- Input number of drive links – Type in the total number of drive links that you counted on the chain.
- Input bar cutting length – Enter the labelled cutting length of your chainsaw bar.
- Click the calculate button – After entering the required data, click the button to compute the proper chain length.
- Compare calculated length to actual chain – Does the calculated chain length closely match the physical length of the chain already on your saw? If so, you have confirmed the correct size to search for.
That’s really all there is to it! The chain length calculator does the heavy lifting, while you provide the key specifications required to zero in on the right replacement chain for your make and model of chainsaw.
Finding the Right Saw Chain
Now that you have your specified chain length and details like pitch and gauge, it’s time to track down the exact chain you need. Here are some tips for finding and purchasing the right saw chain:
Saw Chain Specification Chart
Most chainsaw manufacturers provide specification charts to help you identify the proper replacement chain for your saw model. Find the model name/number and the chart will show the matching chain pitch, gauge, and lengths available.
Matching Saw Chain and Guide Bar
Be sure to get a chain designed specifically to pair with your guide bar model. The chain cutters must properly align with the bar groove for smooth, efficient function and extended bar life.
Customer Service Assistance
If you have any trouble matching a replacement chain to your saw’s bar, reach out to the manufacturer’s customer service department. Providing your saw model, bar part number, and the chain measurements you gathered will help them determine the correct part number and specifications.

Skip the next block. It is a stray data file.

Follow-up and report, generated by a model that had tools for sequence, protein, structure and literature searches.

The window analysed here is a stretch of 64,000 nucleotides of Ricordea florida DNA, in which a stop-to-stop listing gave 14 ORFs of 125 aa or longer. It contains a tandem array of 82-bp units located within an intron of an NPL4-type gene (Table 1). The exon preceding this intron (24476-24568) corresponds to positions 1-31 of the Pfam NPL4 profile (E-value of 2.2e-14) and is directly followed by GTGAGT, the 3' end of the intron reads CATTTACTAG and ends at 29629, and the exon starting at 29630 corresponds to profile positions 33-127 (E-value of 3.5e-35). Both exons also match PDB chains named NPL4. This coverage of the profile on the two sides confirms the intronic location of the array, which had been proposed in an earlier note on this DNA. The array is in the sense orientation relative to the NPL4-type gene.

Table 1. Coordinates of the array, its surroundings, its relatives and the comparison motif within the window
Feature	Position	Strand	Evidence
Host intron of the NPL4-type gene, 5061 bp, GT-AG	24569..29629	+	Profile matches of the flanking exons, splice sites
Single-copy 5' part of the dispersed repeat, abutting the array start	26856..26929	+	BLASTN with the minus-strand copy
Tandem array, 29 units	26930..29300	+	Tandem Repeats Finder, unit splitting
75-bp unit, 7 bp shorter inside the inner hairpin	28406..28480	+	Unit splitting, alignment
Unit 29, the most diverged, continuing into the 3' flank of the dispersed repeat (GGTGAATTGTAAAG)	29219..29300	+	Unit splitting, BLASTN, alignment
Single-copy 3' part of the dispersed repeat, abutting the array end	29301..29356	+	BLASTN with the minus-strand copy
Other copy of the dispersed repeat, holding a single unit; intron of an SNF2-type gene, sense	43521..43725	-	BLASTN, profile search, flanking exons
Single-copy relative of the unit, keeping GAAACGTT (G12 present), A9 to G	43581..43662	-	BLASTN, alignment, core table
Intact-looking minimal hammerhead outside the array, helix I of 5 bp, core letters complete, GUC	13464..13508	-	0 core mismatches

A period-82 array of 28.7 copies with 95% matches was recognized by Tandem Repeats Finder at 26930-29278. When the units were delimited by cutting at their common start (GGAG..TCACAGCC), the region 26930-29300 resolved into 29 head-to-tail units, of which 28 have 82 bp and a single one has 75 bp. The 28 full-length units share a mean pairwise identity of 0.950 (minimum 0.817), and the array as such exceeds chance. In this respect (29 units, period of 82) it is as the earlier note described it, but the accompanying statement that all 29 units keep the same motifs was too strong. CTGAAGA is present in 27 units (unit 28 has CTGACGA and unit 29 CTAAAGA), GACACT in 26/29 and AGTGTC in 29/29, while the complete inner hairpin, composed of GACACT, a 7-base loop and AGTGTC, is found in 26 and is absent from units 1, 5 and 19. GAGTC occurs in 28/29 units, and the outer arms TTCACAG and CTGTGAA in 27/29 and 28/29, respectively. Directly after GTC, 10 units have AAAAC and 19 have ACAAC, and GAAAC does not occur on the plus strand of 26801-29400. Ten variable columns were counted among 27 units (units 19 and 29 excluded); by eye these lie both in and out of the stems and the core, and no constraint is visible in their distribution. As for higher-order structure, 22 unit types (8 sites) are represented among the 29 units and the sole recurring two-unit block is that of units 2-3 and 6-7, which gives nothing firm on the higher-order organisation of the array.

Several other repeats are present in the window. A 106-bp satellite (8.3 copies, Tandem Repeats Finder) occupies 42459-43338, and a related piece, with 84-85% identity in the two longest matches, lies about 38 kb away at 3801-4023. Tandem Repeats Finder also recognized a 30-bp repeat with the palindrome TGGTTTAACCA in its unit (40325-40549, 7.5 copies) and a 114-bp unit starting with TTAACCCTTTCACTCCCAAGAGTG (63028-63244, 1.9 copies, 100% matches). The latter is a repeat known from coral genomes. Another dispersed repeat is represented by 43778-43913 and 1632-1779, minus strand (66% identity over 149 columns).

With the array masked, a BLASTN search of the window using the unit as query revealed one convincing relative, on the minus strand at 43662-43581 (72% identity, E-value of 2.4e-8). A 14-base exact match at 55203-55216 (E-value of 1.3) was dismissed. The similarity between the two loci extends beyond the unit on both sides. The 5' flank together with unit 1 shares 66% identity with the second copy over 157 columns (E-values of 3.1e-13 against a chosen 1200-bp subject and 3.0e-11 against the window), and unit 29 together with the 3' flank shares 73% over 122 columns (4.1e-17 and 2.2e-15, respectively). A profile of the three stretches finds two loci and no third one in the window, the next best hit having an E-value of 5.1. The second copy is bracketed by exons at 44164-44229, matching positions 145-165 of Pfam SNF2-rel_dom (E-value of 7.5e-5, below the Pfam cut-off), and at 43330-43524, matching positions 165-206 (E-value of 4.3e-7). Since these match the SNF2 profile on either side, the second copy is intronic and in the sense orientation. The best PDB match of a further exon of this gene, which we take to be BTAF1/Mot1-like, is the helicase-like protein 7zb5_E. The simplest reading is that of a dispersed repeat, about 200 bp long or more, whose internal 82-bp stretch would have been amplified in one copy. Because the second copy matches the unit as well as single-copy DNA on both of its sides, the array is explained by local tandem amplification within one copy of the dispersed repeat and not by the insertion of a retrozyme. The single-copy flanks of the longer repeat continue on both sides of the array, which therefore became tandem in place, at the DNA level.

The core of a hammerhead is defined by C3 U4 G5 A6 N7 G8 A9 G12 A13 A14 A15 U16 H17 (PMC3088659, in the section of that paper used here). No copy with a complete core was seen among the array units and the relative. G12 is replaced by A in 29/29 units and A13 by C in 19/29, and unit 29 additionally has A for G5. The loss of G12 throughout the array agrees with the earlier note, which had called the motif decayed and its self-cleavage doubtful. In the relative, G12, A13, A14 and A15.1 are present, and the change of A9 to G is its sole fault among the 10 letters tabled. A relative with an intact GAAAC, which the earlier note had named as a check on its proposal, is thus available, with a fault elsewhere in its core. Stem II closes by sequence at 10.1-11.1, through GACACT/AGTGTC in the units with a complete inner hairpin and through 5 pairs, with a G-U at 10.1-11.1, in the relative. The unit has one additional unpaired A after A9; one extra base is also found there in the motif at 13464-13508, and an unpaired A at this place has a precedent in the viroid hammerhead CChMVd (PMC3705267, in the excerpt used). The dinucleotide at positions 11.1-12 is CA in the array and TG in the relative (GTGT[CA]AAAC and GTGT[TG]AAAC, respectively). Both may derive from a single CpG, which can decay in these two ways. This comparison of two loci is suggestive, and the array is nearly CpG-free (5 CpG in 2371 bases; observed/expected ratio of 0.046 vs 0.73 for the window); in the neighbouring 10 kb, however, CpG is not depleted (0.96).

Taking the time to carefully measure your existing chain, run the calculations, and source the right new chain will keep your saw running like a dream for years to come. But to complete the picture, let’s look at some key factors involved when physically measuring chainsaw chains.
Chainsaw Chain Guide: Measurements, Sizes, and Types
Now that you understand why proper chain length and specifications are so crucial, let’s drill down into some specifics on physically measuring the key chain characteristics:
As discussed earlier, the chain pitch must be matched precisely when replacing a worn or damaged chain. Use a caliper tool to accurately measure pitch by spanning it across one rivet hole to the next adjacent hole. Remember standard pitches are .325”, 3/8”, and 1/4″ typically.
Similarly, use the caliper jaws to determine the actual gauge diameter on a couple of the chain’s drive links. You want an exact measurement, as even slight gauge mismatches can prevent proper function.
Drive Link Measurement